Last year the “Shrek” series petered out with the passably entertaining “Shrek Forever After.” It was clear the series was well passed its expiration date, but Hollywood always perseveres when there is money to be made and thus we have the spin off “Puss in Boots.”
All cynicism aside about the roots of the film, “Puss in Boots” is a charming, funny animated film that recaptures much of the original wit and freshness of the first “Shrek” while having its own flavor and personality.
As with “Shrek,” “Puss in Boots” is set in a world that reworks and satirizes fairy tales, but the film differs from “Shrek” by taking on a tone of a spaghetti western.
Antonio Banderas returns as the adventure seeking cat that is part Zorro and part El Mariachi, his character from “Desperado” and “Once Upon a Time in Mexico.” In this story, he is a bandit who thieves as the means to a noble end. A back story reveals that years ago Puss was betrayed by his friend Humpty Dumpty (Zach Galifianakis) and tricked into robbing his beloved home town. Left an outlaw, Puss desperately hopes to somehow repay his debt.
That chance comes in the form of heist cooked up by Humpty that involves stealing magic beans from Jack and Jill (Billy Bob Thornton and Amy Sedaris), who in this universe are feared criminals, and growing the famed beanstalk that leads to the goose that lays the golden eggs. Despite his qualms about Humpty, Puss agrees to take part in the caper. It helps that the third partner in crime is the lovely Kitty Softpaws (Selma Hayek).
Banderas and Hayek worked together in “Desperado” and “Once Upon a Time in Mexico” and their chemistry, even just in voice performances, is tremendous. Both actors breathe so much robust life into their characters. It is ultimately their performances that make the film so enjoyable even when the films plot begins to feel stretched in spots.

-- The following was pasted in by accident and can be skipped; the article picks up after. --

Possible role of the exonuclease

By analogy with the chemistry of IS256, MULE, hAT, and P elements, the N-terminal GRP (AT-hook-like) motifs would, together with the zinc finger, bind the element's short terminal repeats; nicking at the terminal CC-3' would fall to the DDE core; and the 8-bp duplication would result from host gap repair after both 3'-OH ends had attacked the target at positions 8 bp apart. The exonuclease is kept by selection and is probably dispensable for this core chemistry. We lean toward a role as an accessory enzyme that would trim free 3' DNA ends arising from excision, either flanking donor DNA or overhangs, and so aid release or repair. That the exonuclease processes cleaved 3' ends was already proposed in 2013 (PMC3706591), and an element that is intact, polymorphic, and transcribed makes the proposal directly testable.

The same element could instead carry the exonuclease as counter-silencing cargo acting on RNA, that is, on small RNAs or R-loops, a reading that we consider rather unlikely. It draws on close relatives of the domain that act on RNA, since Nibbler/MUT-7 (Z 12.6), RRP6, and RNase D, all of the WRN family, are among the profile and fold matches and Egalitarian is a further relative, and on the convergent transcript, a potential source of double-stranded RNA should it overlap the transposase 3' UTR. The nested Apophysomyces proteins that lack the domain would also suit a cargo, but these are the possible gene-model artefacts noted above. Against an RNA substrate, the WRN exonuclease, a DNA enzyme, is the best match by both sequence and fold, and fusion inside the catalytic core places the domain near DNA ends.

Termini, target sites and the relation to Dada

Galifianakis, whose socially awkward idiot schtick in “The Hangover” and “Due Date” is wearing thin, gives a sweet, genuine performance as Humpty Dumpty. There’s some complexities to the character that Galifianakis’ vocal performance brings across naturally.
Thornton and Sedaris have a lot of fun as the bickering bandits and lovers Jack and Jill. In an amusing twist Jack wants to give up the criminal life and have kids and start a family.
The screenplay by Brian Lynch, David H. Steinberg, Tom Wheeler and Jon Zack is full of clever ideas, visuals and lines of dialogue. A particular favorite is the way a wagon transforms into a flying machine. The plot does become needlessly complicated in the end suggesting that there was perhaps one too many writers working on the script.
Director Chris Miller, who wrote and directed “Shrek the Third,” brings a slick visual style that emulates the “Shrek” style, but has a feel all its own. The film movies at a brisk pass and the use of split screens at various points in the film is clever and energetic.
But as previously stated it is Banderas and Hayek that make this work. Without them there really is no movie. Other actors could’ve provided the voices of these characters and done a good job, but it just wouldn’t have been the same. Their personalities are so completely infused in the characters it is hard to imagine it any other way.